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Publication numberUS5756951 A
Publication typeGrant
Application numberUS 08/714,158
PCT numberPCT/DE1995/000347
Publication dateMay 26, 1998
Filing dateMar 10, 1995
Priority dateMar 21, 1994
Fee statusPaid
Also published asDE4410108A1, DE4410108C2, EP0752153A1, EP0752153B1, EP0752153B2, WO1995026033A1
Publication number08714158, 714158, PCT/1995/347, PCT/DE/1995/000347, PCT/DE/1995/00347, PCT/DE/95/000347, PCT/DE/95/00347, PCT/DE1995/000347, PCT/DE1995/00347, PCT/DE1995000347, PCT/DE199500347, PCT/DE95/000347, PCT/DE95/00347, PCT/DE95000347, PCT/DE9500347, US 5756951 A, US 5756951A, US-A-5756951, US5756951 A, US5756951A
InventorsKarl-Heinz Manthe, Martin Bottcher, Gunter Seidler-Stahl
Original AssigneeSiemens Aktiengesellschaft
Export CitationBiBTeX, EndNote, RefMan
External Links: USPTO, USPTO Assignment, Espacenet
Arc chute having three barriers for the passage of arc gasses
US 5756951 A
Abstract
An arc chute for a circuit-breaker has a chute member with arc splitters and an end member that seals off the chute member to the top. The end member has three barriers for arc gases, the first and the second barrier have webs with a more or less square cross-sectional shape which are arranged in double the pitch of the arc splitters. Situated above the second barrier is a cooling chamber, which is sealed off to the outside by the third barrier that is provided with outlet orifices.
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Claims(14)
What is claimed is:
1. An arc chute for a circuit-breaker, comprising:
a chamber housing,
arc runners arranged in the chamber housing,
arc splitters supported in the chamber housing, with clearance between adjacent arc splitters,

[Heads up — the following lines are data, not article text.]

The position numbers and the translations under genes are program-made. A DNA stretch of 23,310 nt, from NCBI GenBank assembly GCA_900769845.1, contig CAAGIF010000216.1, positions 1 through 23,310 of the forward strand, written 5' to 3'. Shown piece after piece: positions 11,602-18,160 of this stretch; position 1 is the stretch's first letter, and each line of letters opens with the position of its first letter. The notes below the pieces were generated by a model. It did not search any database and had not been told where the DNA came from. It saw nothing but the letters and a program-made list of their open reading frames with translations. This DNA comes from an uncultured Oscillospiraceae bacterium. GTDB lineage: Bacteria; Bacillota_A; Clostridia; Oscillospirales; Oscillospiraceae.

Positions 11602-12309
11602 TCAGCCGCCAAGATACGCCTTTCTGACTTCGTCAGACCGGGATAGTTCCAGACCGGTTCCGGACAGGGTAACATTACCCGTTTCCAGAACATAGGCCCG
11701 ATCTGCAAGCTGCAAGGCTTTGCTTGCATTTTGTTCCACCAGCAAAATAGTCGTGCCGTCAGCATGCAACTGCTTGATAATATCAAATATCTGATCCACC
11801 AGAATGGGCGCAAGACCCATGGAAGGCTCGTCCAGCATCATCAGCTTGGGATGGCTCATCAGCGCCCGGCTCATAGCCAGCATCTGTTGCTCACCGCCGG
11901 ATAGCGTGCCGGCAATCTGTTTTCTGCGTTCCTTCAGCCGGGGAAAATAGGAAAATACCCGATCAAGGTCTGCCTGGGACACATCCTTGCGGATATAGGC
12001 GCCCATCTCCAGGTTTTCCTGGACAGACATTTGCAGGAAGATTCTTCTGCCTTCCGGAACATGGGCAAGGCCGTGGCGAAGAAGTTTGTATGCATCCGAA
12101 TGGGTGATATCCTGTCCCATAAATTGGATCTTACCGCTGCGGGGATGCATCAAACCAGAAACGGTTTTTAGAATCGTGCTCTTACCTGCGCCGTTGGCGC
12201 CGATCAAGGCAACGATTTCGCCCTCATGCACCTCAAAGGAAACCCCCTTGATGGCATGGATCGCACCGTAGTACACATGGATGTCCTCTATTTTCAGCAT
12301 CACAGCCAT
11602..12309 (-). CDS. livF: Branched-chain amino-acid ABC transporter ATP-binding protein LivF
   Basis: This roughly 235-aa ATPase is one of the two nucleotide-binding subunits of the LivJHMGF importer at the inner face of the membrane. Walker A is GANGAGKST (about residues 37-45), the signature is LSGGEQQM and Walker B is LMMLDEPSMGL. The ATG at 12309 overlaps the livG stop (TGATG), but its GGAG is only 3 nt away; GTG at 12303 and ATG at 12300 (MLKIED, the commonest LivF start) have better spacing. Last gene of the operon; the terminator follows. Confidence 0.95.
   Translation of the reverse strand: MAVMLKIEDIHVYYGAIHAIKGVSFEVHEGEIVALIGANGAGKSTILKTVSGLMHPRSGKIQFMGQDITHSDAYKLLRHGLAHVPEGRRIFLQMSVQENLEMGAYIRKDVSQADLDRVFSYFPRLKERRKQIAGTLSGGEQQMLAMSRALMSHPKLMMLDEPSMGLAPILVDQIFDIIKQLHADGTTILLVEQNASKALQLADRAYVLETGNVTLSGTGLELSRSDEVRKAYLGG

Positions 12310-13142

a cooling arrangement for emergent arc gases which is disposed above the arc splitters and which includes three barriers, the first barrier being disposed directly above the arc splitters and the second barrier being disposed with clearance from the first barrier, the first and the second barriers each having flow-through openings directed parallel to end faces of the arc splitters, and further comprising a cooling chamber adjacent to the second barrier and sealed off from the outside by the third barrier that is provided with outlet orifices,
wherein the first barrier is formed by webs of the chamber housing which are arranged having a pitch double a pitch of the arc splitters wherein each of the webs of the first barrier serves as a support for one arc splitter;
wherein the second barrier is likewise formed by webs of the chamber housing which are disposed opposite the webs of the first barrier, staggered by the pitch of the arc splitters; and
wherein the width and the height of the webs of the first barrier and the webs of the second barrier substantially correspond to the pitch of the arc splitters.
2. An arc chute as defined by claim 1, wherein an arc runner and the adjacent arc splitter are covered in each case by an end web so as to allow the arc gases to enter into the cooling chamber situated between the second and the third barrier only between the webs of the second barrier.
3. An arc chute as defined by claim 1, wherein the webs of the first barrier and the webs of the second barrier have a substantially square cross-sectional shape and wherein the spacing between the first and second barriers amounts to 0.1 to 0.5 times the height of the webs.
4. An arc chute as defined by claim 1, wherein the chamber housing comprises a chute member that accommodates the arc splitters and an end member that seals off the chute member to the top, wherein the first, the second, and the third barriers are components of the end member.
5. An arc chute as defined by claim 4, wherein the webs of the first barrier are joined by a crosspiece which forms a support for each second arc splitter that does not rest against one of the webs of the first barrier.
6. An arc chute as defined by claim 4, wherein the outlet of orifices of the third barrier have a slit-type design and are disposed parallel to the webs of the first and the second barrier, staggered in relation to said webs, in an end wall of the end member.
7. An arc chute as defined by claim 6, wherein the outlet orifices are arranged in a pitch that differs from the pitch of the webs of the first and the second barrier.